Say what you want about Toronto Raptors centre Jermaine O'Neal, he's agreeable.
Come off the bench behind Andrea Bargnani? Hey, he's all for it.
"I have no ego about that," O'Neal said.
Get traded before the NBA's Feb. 19 deadline? That's fine, too.
"If I was to get traded, God bless 'em," O'Neal said after practice yesterday. "I have a really good agent in Arn Tellum and he keeps me aware of what teams are trying to acquire me. ... And [Raptors president]Bryan Colangelo? He's my man. We have a very friendly relationship and I respect his view."
It's fitting the Raptors will roll into Indianapolis tonight for the 41st game of the season, the halfway point of a campaign that has been decidedly half full.
O'Neal was acquired from the Indiana Pacers in the off-season for T.J. Ford and Rasho Nesterovic. Had things gone as planned, O'Neal would be the engine driving Toronto to new heights as he returned triumphant to the city where he starred for eight seasons.
Instead, the Raptors are eight games under .500, alone in 12th place and three games out of a playoff spot. O'Neal has been spotty, mixing some impressive stretches of play with bouts of rust while missing 12 games because of injury.
It hasn't worked, though optimism remains. "There are a lot of games to play," Raptors head coach Jay Triano said. "We've still got 50 cents on the dollar, so we need to cash that and see if we can get on a roll."
As the season reaches its fulcrum, the elephant in the half court is the role O'Neal will play from here on in.
In O'Neal's absence, Bargnani has exploded, easily playing the best basketball of his career, looking every inch the No. 1 overall pick he was in 2006.
In the nine games Bargnani has started at centre in place of O'Neal, he's averaged 22.3 points a game, 7.1 rebounds and 1.3 blocks, while shooting 55.7 per cent from the floor and a sizzling 57.8 per cent from three-point land.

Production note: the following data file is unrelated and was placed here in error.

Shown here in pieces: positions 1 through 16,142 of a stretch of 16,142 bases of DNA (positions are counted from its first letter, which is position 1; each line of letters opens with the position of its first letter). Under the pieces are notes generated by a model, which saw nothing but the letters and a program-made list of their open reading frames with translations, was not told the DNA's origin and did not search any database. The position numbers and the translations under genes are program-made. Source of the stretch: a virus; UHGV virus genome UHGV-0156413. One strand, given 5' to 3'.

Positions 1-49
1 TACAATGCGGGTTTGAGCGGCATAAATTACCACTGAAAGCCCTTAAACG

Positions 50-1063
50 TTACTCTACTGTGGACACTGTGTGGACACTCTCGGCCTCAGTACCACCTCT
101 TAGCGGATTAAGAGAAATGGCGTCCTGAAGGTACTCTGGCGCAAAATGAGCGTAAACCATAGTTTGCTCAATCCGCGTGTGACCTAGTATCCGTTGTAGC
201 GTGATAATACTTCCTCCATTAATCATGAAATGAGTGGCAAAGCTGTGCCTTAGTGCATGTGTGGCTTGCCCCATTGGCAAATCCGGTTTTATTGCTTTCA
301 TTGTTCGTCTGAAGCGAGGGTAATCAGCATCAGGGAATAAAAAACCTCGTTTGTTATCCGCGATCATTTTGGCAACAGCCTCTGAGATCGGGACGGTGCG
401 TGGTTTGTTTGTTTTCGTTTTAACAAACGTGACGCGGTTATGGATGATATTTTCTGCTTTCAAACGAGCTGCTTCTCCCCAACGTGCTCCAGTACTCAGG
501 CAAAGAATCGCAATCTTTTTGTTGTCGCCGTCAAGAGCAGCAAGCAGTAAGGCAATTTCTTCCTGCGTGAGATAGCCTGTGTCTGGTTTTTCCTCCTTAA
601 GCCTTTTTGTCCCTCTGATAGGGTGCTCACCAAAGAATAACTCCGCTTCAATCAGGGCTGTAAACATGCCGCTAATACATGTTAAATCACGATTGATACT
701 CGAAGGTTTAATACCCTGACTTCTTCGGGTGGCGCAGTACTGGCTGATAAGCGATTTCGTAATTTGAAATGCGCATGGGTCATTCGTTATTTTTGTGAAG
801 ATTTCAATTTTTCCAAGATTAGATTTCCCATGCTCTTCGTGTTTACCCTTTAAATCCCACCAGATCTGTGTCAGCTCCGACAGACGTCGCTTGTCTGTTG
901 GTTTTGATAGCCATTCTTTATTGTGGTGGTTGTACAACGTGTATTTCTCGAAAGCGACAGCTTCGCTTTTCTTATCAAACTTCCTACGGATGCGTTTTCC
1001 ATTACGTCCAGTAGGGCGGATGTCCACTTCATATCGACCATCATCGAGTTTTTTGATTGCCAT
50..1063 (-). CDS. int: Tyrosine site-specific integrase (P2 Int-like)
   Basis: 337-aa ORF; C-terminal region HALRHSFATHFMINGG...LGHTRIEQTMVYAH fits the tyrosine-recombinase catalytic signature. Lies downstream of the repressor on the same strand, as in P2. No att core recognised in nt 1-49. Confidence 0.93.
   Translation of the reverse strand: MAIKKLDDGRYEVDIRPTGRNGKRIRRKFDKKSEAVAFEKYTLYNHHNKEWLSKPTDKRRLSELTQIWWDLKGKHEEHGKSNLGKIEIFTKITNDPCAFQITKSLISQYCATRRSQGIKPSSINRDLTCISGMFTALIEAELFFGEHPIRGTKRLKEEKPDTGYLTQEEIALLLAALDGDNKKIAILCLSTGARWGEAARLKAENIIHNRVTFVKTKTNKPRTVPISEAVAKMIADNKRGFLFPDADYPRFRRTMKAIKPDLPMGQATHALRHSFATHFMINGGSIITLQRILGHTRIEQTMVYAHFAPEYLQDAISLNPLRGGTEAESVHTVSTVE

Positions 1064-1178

O'Neal says he has no problem working his way back into the lineup slowly if he does play tonight. He said the decision will be made this morning, when the Raptors' training staff can evaluate how his right knee responded to practice yesterday.
But whether it's tonight or Sunday against the Phoenix Suns, O'Neal says he's fine backing up Bargnani for now.
"I'm going to come off the bench and I'm going to work my way back into it," said O'Neal, who explained that what was a relatively innocuous condition was made worse when his knee swelled considerably on the four-hour flight from San Francisco to Toronto in late December. "He's earned the right to stay in the starting lineup."
The real question becomes what happens when O'Neal is healthy, and what his future is in a Toronto uniform.
The emergence of Bargnani and the Raptors' shortcomings elsewhere in the lineup have made the possibility of dealing O'Neal sooner rather than later a growing priority, according to sources.
It would be a move welcomed in the Bargnani camp.
"I hope they do," one source said in reference to the possibility the Raptors could trade O'Neal to make room for the big Italian.
Most NBA clubs are looking for salary-cap relief in the summer of 2010 to be able to bid on a rich crop of free agents. O'Neal, with another season and $22.5-million (U.S.) remaining on his contract, presents a hybrid solution: He can help a team now without compromising long-term financial flexibility.
There are some interesting trade possibilities. NBA insiders list the Chicago Bulls and Miami Heat as teams with playoff aspirations that could use O'Neal's interior presence. He was averaging 15.3 points a game and 5.9 rebounds on 52.2 per cent shooting in just 29 minutes of court time in December before getting hurt.
Insiders have speculated the Bulls may be able to cobble together a collection of young players. The Heat are said to be interested in trading Shawn Marion. The versatile small forward was a favourite of Colangelo's when they were together in Phoenix. Marion is in the final season of a deal paying him $17.9-million (U.S.) this year and has struggled to find his offence alongside Dwyane Wade.
Notes According to the Elias Sports Bureau, when Andrea Bargnani was 2-for-4 on three-pointers as part of his game-best total of 31 points in the Toronto Raptors' loss to the Chicago Bulls on Wednesday, it was Bargnani's ninth consecutive game with two or more three-point field goals, tying the longest streak in NBA history for a starting centre. Centre Mehmet Okur had at least two three-pointers in each of nine consecutive games for the Utah Jazz last season. ... Still with Elias, no more than three points have separated the Indiana Pacers and their opponents at the end of regulation time in 10 of Indiana's past 14 games. Six other teams in NBA history played 10 such heart-pounders over a 14-game span (most recently the 2002-03 San Antonio Spurs), but no team has ever played more. ... Raptors point guard Jose Calderon (hamstring) is not expected to play tonight.
Next game Tonight at Indiana Pacers, 7 EST
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